On the occasion of International Women’s Day, Berlin pupils and the German Toilet Organization (GTO) staged an unexpected scene at the Washington Square in front of Berlin Central Station. In the focus of the flash mob were two toilet stalls, one for women, one for men. With a disproportionately long queue in front of the ladies – a well-known image – the pupils called attention to the lack of equality between the sexes in front of the loo.
According to the World Health Organization, one in three women worldwide have no access to safe and clean sanitation. In poor neighborhoods of urban areas the only existing public toilets are rarely gender-separated. More than 500 million women and girls therefore do their business outdoors. Many go only at night, in order to protect their privacy. This is not only unhealthy, but also makes them prone to harassment and sexual assaults.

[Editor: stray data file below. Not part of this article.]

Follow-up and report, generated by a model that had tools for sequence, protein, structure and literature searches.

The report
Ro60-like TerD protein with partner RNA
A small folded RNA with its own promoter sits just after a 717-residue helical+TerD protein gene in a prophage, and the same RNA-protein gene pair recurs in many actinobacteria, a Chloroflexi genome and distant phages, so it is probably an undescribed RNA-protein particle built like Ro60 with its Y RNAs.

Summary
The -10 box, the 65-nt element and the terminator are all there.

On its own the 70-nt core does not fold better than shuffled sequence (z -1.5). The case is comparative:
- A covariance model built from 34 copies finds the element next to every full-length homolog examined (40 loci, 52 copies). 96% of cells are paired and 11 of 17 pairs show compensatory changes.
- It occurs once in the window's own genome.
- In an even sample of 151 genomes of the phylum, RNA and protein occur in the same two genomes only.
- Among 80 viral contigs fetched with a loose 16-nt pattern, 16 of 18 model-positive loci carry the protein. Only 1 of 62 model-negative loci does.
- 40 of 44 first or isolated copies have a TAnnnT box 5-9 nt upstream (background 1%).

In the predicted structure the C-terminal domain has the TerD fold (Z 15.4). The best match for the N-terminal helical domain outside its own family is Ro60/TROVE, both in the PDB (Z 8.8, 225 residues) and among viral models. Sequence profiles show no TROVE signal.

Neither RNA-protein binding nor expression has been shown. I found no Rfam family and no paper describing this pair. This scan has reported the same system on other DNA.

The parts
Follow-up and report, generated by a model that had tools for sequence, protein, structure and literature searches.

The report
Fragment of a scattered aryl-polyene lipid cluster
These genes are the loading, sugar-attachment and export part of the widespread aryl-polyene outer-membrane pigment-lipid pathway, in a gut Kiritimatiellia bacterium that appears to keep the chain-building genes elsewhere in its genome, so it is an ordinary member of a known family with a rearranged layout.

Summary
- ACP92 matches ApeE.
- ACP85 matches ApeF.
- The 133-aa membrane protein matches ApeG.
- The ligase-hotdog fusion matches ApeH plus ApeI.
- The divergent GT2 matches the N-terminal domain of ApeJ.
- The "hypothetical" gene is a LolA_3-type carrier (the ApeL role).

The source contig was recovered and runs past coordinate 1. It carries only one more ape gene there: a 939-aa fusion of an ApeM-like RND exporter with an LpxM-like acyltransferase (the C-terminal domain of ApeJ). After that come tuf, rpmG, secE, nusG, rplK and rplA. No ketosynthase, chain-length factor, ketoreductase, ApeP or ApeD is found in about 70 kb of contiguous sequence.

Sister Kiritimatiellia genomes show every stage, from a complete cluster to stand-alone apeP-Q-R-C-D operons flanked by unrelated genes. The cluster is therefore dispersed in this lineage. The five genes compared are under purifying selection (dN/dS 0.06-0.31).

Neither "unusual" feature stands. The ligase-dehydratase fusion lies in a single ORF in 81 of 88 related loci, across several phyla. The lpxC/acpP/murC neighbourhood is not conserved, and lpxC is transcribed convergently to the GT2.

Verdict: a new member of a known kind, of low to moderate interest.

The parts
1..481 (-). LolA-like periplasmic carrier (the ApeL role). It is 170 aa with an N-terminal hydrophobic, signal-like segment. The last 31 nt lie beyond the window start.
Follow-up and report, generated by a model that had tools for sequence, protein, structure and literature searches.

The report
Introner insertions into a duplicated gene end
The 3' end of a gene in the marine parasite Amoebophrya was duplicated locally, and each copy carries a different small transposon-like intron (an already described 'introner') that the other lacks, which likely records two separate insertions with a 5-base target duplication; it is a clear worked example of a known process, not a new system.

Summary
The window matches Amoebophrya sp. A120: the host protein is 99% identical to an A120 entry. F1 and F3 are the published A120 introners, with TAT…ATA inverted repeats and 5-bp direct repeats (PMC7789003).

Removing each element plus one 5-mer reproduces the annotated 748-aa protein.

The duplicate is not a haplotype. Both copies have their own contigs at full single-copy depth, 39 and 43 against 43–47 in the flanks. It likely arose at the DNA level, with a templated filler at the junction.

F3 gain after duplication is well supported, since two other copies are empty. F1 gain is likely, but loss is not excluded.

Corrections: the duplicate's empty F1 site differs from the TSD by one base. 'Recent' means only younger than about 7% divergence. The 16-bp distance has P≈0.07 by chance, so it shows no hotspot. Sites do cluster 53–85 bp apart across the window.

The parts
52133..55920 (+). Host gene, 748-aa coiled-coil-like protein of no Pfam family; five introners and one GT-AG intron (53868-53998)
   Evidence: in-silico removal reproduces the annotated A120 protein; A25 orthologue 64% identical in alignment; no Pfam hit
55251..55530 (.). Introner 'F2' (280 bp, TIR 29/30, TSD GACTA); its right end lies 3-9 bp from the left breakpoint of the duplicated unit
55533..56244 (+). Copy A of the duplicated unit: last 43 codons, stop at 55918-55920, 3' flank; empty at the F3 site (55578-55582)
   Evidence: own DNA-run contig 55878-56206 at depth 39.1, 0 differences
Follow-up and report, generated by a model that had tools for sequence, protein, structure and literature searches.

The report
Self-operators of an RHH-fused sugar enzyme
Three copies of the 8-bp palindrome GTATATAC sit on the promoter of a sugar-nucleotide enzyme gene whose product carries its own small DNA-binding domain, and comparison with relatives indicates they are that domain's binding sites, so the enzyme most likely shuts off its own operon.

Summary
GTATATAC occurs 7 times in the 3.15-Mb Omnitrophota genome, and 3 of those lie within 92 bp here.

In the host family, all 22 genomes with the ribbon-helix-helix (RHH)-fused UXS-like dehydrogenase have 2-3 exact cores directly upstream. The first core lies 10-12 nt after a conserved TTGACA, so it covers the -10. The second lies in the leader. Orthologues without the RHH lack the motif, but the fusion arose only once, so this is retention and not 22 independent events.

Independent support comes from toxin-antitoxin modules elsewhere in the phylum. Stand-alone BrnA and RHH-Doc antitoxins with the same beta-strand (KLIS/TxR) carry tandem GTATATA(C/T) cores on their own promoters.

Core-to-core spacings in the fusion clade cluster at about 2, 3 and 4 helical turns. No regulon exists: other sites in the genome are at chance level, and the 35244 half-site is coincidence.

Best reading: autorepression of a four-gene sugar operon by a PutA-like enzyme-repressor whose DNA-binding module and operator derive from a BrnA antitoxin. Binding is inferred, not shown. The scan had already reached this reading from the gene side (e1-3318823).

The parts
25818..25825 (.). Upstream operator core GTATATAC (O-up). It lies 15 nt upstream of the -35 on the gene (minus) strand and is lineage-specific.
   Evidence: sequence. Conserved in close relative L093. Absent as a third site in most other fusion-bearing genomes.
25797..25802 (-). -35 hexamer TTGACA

“Good sanitation is not only a key to development, but also to equal rights for women and girls,” says Thilo Panzerbieter, Executive Director of GTO. Especially in the field of education, access to an adequate school toilet plays a crucial role in school attendances. “About half of all girls in least developed countries attend schools with none or only very inadequate sanitation,” adds Panzerbieter. The lack of privacy and poor hygiene conditions lead to school dropouts as soon as the girls reach puberty. These problems can be greatly reduced by improving sanitation in schools. According to a study by UNICEF in Bangladesh improved school toilets led to an increase of 11% in girl attendances.